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  1. Baldauf, Sandra (Ed.)
    Abstract Improved sequencing technologies have profoundly altered global views of fungal diversity and evolution. High-throughput sequencing methods are critical for studying fungi due to the cryptic, symbiotic nature of many species, particularly those that are difficult to culture. However, the low coverage genome sequencing (LCGS) approach to phylogenomic inference has not been widely applied to fungi. Here we analyzed 171 Kickxellomycotina fungi using LCGS methods to obtain hundreds of marker genes for robust phylogenomic reconstruction. Additionally, we mined our LCGS data for a set of nine rDNA and protein coding genes to enable analyses across species for which no LCGS data were obtained. The main goals of this study were to: 1) evaluate the quality and utility of LCGS data for both phylogenetic reconstruction and functional annotation, 2) test relationships among clades of Kickxellomycotina, and 3) perform comparative functional analyses between clades to gain insight into putative trophic modes. In opposition to previous studies, our nine-gene analyses support two clades of arthropod gut dwelling species and suggest a possible single evolutionary event leading to this symbiotic lifestyle. Furthermore, we resolve the mycoparasitic Dimargaritales as the earliest diverging clade in the subphylum and find four major clades of Coemansia species. Finally,more »functional analyses illustrate clear variation in predicted carbohydrate active enzymes and secondary metabolites (SM) based on ecology, that is biotroph versus saprotroph. Saprotrophic Kickxellales broadly lack many known pectinase families compared with saprotrophic Mucoromycota and are depauperate for SM but have similar numbers of predicted chitinases as mycoparasitic.« less
    Free, publicly-accessible full text available January 1, 2024
  2. Free, publicly-accessible full text available August 1, 2023
  3. Most of the described species in kingdom Fungi are contained in two phyla, the Ascomycota and the Basidiomycota (subkingdom Dikarya). As a result, our understanding of the biology of the kingdom is heavily influenced by traits observed in Dikarya, such as aerial spore dispersal and life cycles dominated by mitosis of haploid nuclei. We now appreciate that Fungi comprises numerous phylum-level lineages in addition to those of Dikarya, but the phylogeny and genetic characteristics of most of these lineages are poorly understood due to limited genome sampling. Here, we addressed major evolutionary trends in the non-Dikarya fungi by phylogenomic analysis of 69 newly generated draft genome sequences of the zoosporic (flagellated) lineages of true fungi. Our phylogeny indicated five lineages of zoosporic fungi and placed Blastocladiomycota, which has an alternation of haploid and diploid generations, as branching closer to the Dikarya than to the Chytridiomyceta. Our estimates of heterozygosity based on genome sequence data indicate that the zoosporic lineages plus the Zoopagomycota are frequently characterized by diploid-dominant life cycles. We mapped additional traits, such as ancestral cell-cycle regulators, cell-membrane– and cell-wall–associated genes, and the use of the amino acid selenocysteine on the phylogeny and found that these ancestral traits thatmore »are shared with Metazoa have been subject to extensive parallel loss across zoosporic lineages. Together, our results indicate a gradual transition in the genetics and cell biology of fungi from their ancestor and caution against assuming that traits measured in Dikarya are typical of other fungal lineages.« less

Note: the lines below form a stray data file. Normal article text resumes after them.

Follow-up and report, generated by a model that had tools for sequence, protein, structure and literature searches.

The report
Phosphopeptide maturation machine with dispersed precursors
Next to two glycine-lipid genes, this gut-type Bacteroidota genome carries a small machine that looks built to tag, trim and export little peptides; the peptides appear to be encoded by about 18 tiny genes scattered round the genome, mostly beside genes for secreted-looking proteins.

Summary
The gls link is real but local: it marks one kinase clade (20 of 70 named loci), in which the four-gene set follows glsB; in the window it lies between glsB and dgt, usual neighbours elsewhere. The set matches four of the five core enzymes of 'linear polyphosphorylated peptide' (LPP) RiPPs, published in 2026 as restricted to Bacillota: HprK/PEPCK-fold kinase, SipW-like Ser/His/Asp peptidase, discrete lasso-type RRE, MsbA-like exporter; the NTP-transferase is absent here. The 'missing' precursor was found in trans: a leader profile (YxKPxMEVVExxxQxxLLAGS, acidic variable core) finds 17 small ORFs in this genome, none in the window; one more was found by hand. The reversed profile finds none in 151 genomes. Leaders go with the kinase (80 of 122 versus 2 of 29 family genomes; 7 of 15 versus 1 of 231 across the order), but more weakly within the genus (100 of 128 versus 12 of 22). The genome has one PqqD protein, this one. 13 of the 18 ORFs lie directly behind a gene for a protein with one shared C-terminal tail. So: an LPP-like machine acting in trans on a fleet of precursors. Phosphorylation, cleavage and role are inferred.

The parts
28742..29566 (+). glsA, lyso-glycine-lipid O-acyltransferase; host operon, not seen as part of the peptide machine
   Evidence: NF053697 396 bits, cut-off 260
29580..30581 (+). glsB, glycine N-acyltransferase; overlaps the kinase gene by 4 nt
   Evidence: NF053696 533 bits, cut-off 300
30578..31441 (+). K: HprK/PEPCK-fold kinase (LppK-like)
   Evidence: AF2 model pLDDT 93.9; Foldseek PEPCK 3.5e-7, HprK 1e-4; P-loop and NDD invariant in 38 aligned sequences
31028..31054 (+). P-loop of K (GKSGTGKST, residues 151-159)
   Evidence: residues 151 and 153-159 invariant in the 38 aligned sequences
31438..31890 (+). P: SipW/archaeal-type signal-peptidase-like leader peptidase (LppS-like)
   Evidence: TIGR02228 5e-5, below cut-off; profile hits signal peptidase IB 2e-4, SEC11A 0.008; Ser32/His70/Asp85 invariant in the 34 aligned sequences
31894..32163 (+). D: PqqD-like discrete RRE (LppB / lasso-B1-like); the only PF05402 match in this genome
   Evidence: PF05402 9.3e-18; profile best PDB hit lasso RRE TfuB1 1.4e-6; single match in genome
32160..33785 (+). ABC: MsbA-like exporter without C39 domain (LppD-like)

Free, publicly-accessible full text available September 6, 2023
  4. Abstract

    Anaerobic fungi and methanogenic archaea are two classes of microorganisms found in the rumen microbiome that metabolically interact during lignocellulose breakdown. Here, stable synthetic co-cultures of the anaerobic fungusCaecomyces churrovisand the methanogenMethanobacterium bryantii(not native to the rumen) were formed, demonstrating that microbes from different environments can be paired based on metabolic ties. Transcriptional and metabolic changes induced by methanogen co-culture were evaluated inC. churrovisacross a variety of substrates to identify mechanisms that impact biomass breakdown and sugar uptake. A high-quality genome ofC. churroviswas obtained and annotated, which is the first sequenced genome of a non-rhizoid-forming anaerobic fungus.C. churrovispossess an abundance of CAZymes and carbohydrate binding modules and, in agreement with previous studies of early-diverging fungal lineages, N6-methyldeoxyadenine (6mA) was associated with transcriptionally active genes. Co-culture with the methanogen increased overall transcription of CAZymes, carbohydrate binding modules, and dockerin domains in co-cultures grown on both lignocellulose and cellulose and caused upregulation of genes coding associated enzymatic machinery including carbohydrate binding modules in family 18 and dockerin domains across multiple growth substrates relative toC. churrovismonoculture. Two other fungal strains grown on a reed canary grass substrate in co-culture with the same methanogen also exhibited high log2-fold change values for upregulation ofmore »genes encoding carbohydrate binding modules in families 1 and 18. Transcriptional upregulation indicated that co-culture of theC. churrovisstrain with a methanogen may enhance pyruvate formate lyase (PFL) function for growth on xylan and fructose and production of bottleneck enzymes in sugar utilization pathways, further supporting the hypothesis that co-culture with a methanogen may enhance certain fungal metabolic functions. Upregulation of CBM18 may play a role in fungal–methanogen physical associations and fungal cell wall development and remodeling.

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